A Miracle on 9/11

After the Second Intifada, our parents realized they needed to bring more Jews into the world. There was too much destruction to not act in some way. Yes, the Second Intifada is what sparked me getting another younger sibling to boss around. Then you were born on 9/11. Mommy was left in the hallway while doctors and nurses ran to watch the news. Upon seeing what happened in the city she loved most, the city where she grew up, she cried over the sick images on the TV that clashed so drastically with the sight of this beautiful baby boy. Everyone always says what a horrible day it is to have been born. Year after year, we’ve felt uncomfortable throwing parties, not knowing how to balance memorials and celebrations.

You obviously didn’t understand what 9/11 was like for the rest of the country because you were just a newborn alien mush. Once you got a little older, we would tell you that your birthday is also the day two tall buildings fell in New York because of bad people. Thirteen years later, you’re becoming bar mitzvahed or “becoming a man,” as they say. Your bar mitzvah, however, goes beyond that. It is a symbol of continuity, despite the threats we, as civilized western individuals, still face. Now you are mature enough to understand what this day means on a much deeper level, and why everyone is posting things like #WeRemember and #WeWillNeverForget. I’m sorry, baby, but they’re not referring to sending you a “Happy B-day” text at midnight. They are talking about the worst terror attack America has experienced, the day thousands lost their lives, and will thus be tainted forever.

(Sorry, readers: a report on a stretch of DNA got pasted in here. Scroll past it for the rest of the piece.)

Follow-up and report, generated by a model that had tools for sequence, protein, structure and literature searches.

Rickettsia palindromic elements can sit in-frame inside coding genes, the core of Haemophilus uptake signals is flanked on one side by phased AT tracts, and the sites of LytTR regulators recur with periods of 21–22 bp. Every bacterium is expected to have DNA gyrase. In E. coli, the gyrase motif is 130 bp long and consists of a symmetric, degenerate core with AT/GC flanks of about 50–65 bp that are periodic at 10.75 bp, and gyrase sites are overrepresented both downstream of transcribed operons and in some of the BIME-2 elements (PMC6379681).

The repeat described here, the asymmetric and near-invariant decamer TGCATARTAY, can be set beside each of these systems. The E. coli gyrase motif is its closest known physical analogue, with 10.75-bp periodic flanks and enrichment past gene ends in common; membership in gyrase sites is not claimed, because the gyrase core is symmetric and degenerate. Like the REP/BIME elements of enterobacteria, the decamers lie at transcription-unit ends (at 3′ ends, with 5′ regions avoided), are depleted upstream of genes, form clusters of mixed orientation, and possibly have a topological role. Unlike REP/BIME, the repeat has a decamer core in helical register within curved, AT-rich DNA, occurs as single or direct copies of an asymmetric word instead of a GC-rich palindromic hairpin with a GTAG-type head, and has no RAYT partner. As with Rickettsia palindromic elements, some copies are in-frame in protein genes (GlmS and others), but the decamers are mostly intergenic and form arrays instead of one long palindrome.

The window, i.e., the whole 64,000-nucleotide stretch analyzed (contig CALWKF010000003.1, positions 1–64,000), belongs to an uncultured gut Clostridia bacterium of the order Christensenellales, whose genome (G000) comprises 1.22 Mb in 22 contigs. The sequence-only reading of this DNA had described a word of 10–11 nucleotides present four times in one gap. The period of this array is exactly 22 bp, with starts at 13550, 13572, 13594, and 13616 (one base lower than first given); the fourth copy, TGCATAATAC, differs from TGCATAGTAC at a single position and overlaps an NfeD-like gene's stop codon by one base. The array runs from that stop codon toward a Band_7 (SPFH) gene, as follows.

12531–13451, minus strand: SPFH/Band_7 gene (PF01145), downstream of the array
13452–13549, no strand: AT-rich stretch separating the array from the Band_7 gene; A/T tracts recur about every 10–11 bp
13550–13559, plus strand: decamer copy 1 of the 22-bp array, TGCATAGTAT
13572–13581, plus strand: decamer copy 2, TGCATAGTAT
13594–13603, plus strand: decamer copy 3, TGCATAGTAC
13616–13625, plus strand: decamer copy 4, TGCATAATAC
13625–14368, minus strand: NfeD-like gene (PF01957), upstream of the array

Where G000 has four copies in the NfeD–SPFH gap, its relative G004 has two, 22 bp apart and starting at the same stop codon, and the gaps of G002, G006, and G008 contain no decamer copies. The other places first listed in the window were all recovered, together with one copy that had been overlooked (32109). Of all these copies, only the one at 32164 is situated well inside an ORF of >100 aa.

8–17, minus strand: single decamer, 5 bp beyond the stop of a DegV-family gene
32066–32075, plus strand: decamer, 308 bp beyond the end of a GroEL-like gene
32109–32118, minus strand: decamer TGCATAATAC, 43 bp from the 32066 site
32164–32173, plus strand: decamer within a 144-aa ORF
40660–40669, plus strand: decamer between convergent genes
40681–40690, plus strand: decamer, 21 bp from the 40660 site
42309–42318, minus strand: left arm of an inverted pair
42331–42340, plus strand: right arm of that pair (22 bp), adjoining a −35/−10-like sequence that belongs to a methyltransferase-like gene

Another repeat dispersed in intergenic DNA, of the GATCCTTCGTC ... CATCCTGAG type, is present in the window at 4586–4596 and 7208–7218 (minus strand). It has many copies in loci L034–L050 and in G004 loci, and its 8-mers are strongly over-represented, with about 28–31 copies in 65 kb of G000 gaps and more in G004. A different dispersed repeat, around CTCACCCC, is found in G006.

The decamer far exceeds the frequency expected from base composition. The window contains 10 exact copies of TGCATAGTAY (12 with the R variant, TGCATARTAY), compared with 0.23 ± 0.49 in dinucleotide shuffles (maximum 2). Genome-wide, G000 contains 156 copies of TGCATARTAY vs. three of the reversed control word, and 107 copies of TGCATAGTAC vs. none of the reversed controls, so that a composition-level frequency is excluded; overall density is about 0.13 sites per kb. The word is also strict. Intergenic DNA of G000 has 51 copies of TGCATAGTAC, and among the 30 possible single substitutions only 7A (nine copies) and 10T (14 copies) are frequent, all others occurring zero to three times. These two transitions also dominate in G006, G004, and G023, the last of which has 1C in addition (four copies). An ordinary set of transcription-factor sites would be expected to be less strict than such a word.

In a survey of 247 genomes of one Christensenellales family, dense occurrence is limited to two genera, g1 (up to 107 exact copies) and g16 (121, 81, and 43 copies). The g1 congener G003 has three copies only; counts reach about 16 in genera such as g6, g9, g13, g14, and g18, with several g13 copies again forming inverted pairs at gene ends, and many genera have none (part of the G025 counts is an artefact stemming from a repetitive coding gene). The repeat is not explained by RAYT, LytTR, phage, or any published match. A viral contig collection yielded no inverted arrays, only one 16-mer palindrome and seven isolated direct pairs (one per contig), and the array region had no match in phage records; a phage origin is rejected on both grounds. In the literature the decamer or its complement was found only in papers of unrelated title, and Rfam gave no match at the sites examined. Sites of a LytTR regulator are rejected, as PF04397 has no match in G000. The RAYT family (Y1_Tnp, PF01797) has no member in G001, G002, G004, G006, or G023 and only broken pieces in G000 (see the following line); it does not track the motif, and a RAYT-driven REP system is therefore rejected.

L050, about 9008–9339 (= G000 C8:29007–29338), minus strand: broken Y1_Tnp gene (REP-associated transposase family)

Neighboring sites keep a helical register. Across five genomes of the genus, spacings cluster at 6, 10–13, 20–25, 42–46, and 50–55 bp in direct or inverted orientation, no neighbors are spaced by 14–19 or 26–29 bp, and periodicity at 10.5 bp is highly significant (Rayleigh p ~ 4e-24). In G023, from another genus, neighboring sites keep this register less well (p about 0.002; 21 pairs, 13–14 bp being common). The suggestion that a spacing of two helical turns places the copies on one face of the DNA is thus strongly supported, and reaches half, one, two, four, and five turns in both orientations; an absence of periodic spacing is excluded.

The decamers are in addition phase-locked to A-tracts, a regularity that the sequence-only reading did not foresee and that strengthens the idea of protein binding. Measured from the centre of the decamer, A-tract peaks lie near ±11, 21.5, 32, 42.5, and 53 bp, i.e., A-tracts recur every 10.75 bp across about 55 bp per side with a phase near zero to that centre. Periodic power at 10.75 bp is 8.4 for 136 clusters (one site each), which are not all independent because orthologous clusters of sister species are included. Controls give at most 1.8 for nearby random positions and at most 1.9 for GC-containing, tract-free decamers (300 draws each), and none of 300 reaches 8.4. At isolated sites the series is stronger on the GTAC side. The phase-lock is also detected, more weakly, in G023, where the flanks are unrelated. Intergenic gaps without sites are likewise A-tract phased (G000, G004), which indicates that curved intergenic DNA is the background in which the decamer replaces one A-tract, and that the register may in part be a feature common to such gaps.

Nonetheless, anytime someone makes a comment about how unlucky it is to have a birthday today, mommy answers sharply by saying that you were the miracle of it. Clearly, she held back her tears and found some of the positive. Negative Nancy is the least fitting nickname for this particular Nancie. You were the pure good on a day of sheer evil. They named you Yitzchak Chai, that you shall laugh and live. You were born on a day of crying and death, but in the memory of those who perished you will laugh and live until 120.


About the Author
Jasmine currently works at Jerusalem U, a non-profit organization that makes films to strengthen the connection of young Jews to the land of Israel and their Jewish identity. As a Baal Teshuva and Olah Chadasha from Los Angeles, she's experienced a solid amount of humorous, upsetting, and pleasant culture shock. Sometimes she chooses to write about it.